agitating for their rights in the country and more specifically how constitutional reforms would
have been important for the country. The weakness of the confederation state makes Holton
argument to be strong.
Holton’s argument is weak in certain aspects. A look at what people wanted necessitates
change. Holton argues that federalists managed to manipulate all state convections and asked all
those who doubted the government to accept since they would lower taxes. However, a close
look at the state ratification debates suggests a different view. Most of the delegates present in
these states saw the undemocratic clauses and provisions present in the current constitution. All
of them wanted to be part of a nation that could be respectable and at the same time pay all of its
bills and defend interests in such a way that numerous confederations had failed to do in the past
(Estes and Woody 837). Many people voted for the new ratification hoping that such clause
would finally be removed from the constitution.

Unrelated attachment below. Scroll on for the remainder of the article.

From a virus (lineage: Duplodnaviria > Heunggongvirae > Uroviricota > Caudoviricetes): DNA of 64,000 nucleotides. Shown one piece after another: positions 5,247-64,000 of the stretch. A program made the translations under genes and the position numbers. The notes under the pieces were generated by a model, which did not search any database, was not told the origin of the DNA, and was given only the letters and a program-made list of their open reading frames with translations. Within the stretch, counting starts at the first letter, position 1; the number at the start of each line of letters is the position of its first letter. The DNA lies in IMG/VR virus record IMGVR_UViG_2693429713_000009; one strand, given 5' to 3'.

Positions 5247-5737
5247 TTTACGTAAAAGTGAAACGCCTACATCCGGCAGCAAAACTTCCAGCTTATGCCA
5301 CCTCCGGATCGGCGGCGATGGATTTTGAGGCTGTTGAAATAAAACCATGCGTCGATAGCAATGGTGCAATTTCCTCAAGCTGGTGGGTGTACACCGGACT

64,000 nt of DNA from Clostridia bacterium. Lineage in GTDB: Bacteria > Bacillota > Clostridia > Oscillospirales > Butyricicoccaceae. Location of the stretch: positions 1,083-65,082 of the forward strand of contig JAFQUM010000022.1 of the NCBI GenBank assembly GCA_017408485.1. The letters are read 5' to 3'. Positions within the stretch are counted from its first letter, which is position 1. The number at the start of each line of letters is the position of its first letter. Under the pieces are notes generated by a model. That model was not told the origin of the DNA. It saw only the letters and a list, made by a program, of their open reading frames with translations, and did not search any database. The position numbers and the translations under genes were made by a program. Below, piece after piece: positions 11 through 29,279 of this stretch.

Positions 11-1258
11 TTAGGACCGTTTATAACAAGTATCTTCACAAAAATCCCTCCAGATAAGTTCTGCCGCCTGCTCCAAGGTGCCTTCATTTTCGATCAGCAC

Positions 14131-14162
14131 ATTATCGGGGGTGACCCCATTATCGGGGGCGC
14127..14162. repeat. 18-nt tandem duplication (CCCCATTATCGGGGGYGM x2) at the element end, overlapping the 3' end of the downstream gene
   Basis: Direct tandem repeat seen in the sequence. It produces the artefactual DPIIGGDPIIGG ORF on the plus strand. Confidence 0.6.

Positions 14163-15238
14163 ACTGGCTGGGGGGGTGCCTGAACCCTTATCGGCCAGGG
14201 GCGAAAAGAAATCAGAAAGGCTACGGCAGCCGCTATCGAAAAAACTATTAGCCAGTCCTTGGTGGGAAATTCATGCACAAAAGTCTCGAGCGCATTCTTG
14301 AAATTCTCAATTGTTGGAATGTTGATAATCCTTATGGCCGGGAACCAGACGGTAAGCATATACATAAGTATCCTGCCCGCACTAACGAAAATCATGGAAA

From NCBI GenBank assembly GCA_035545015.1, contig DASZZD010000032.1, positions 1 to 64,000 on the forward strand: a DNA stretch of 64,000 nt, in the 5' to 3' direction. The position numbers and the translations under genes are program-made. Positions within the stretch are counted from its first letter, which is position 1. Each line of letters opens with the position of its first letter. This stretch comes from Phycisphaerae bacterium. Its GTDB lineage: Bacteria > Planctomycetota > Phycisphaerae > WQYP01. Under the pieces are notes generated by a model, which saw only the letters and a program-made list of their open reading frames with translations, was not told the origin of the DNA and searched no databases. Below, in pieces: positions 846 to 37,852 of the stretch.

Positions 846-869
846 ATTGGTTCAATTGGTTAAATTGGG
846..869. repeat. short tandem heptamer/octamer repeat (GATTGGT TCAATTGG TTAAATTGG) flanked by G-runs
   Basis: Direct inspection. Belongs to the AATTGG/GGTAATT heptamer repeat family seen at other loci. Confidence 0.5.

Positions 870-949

The second major weakness is failure of Holton argument to establish the presence of the
Bill of rights as another major factor determining the constitution. Five states ratified the
convention but only one had formulated the Bill of Rights. The remaining five states asked all
members of the legislature to levy direct taxes before federal governments would come in and
reign on them. Secondly, there was a second issue revolving around adequate representation with
no taxes. Some states that were adequately represented never in any way paid any form of tax.
They were mostly protected by the Bill of Rights. To overcome such mentalities it became
necessary to have in place a Bill of Rights to be followed by all people. This as well provides a
better explanation on why the constitution was enacted.
Beard, Charles A. An economic interpretation of the Constitution of the United States. Simon
and Schuster, 2012. Print
Estes, Todd, and Woody Holton. “Unruly Americans and the Origins of the Constitution.”
(2008): 836-839. Print